Firing of triples (and quads) v doubles raises even more concerns around shell fratricide, firing orders and delays which in turn lead to accuracy issues (delays mean that firing solution only applies to first shell, mostly the 2nd and not the 3rd/4th).  Many options were trialled to work around the concerns (set back on middle barrel, timing delays etc) however it was generally considered that a twin barrel turret was more efficient for space, firing and weight than triples and quads.

 

Its called Mutual Interference 

most Navies solve the problem early, for example during the trial run. Myoko class cruiser suffer from Excesive dispersion from the said mutual Interference.

they solve it by making 2nd barrel fire 0.2s after the first one is fired. and its achive satisfying shoot grouping during varius battle on pasific. and its considered accurate guns by IJN

 

The french however, plagued by this problem.

Dunkerque, Jean bart and all "modern" french battleship suffer from excesive dispersion. which have radius of 1100 meters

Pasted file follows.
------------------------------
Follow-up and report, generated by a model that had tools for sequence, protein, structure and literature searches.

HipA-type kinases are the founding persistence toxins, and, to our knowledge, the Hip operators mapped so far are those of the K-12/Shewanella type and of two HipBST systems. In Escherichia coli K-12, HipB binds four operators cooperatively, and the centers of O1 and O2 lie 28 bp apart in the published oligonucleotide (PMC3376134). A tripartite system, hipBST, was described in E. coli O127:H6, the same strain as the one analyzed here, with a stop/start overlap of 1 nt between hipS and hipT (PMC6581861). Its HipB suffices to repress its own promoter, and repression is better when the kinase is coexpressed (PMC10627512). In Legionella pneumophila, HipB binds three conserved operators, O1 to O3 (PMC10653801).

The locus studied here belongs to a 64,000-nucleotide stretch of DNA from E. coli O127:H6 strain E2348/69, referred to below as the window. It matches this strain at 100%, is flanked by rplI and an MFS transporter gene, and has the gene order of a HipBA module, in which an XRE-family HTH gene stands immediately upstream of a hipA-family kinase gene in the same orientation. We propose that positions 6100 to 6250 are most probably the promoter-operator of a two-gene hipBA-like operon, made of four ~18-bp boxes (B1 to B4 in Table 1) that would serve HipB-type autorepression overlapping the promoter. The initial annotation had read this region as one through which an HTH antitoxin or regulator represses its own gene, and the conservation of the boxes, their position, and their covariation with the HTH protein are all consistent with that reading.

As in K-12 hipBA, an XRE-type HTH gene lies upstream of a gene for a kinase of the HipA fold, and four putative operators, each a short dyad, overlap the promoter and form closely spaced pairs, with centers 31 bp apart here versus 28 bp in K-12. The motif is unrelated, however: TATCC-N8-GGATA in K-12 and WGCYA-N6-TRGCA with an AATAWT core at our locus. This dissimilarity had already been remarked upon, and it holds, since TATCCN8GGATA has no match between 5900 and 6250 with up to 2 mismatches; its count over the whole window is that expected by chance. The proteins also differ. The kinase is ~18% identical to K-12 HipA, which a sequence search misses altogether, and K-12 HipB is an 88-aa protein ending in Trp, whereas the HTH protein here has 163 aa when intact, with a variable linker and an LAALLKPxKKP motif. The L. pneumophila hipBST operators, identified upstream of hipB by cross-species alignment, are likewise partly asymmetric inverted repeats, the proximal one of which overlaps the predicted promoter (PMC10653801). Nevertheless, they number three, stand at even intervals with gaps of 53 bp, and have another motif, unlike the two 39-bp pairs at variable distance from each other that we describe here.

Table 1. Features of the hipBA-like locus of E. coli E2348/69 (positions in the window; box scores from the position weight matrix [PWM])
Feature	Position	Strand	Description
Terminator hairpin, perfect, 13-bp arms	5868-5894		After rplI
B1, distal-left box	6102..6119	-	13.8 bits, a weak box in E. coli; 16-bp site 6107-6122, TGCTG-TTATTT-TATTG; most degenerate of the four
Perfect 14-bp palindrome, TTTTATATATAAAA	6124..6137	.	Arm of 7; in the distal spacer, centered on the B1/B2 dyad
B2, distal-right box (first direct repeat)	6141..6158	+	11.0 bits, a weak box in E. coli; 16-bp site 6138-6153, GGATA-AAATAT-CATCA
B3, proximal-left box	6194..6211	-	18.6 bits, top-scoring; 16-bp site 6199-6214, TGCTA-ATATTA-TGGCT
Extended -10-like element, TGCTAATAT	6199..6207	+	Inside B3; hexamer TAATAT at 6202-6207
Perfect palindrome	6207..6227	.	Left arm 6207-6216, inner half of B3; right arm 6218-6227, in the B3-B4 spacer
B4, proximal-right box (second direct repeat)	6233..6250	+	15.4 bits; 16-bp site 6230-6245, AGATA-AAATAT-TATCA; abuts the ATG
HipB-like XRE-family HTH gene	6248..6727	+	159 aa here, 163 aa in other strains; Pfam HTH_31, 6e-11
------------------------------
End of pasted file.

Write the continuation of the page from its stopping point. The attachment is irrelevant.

French Navy were determined to solve this issue, but due too defeat by Germany. its not until 1950 they solve it on Jean bart (the same slight delay betwen barrels)

 

What you said is not exactly happen.

Some ship dont have capability of staggered firing (mean they cant shoot 1 barrel at a time). This due to Cradle and hoist mechanism of the ships.

Ships that have the capability need to have heavier gun cradle, and seperate elevation mechanism for each barrel require considerable more space

Its generaly not found on pre Jutland Dreadnought, and Due to treaty and varius technical, weight and other limitation during the pre-war era it also plagued some of the post Jutland design.

However, last generation of battleship dont have such problem.

 

due to US favoring full broadside when salvo - as opposed to British which favor Staggering shoot

made US a bit late when adopting, independent gun cradle elevation. this somewhat made British identify the Mutual Interference problem before US did. even Japan solve it faster than US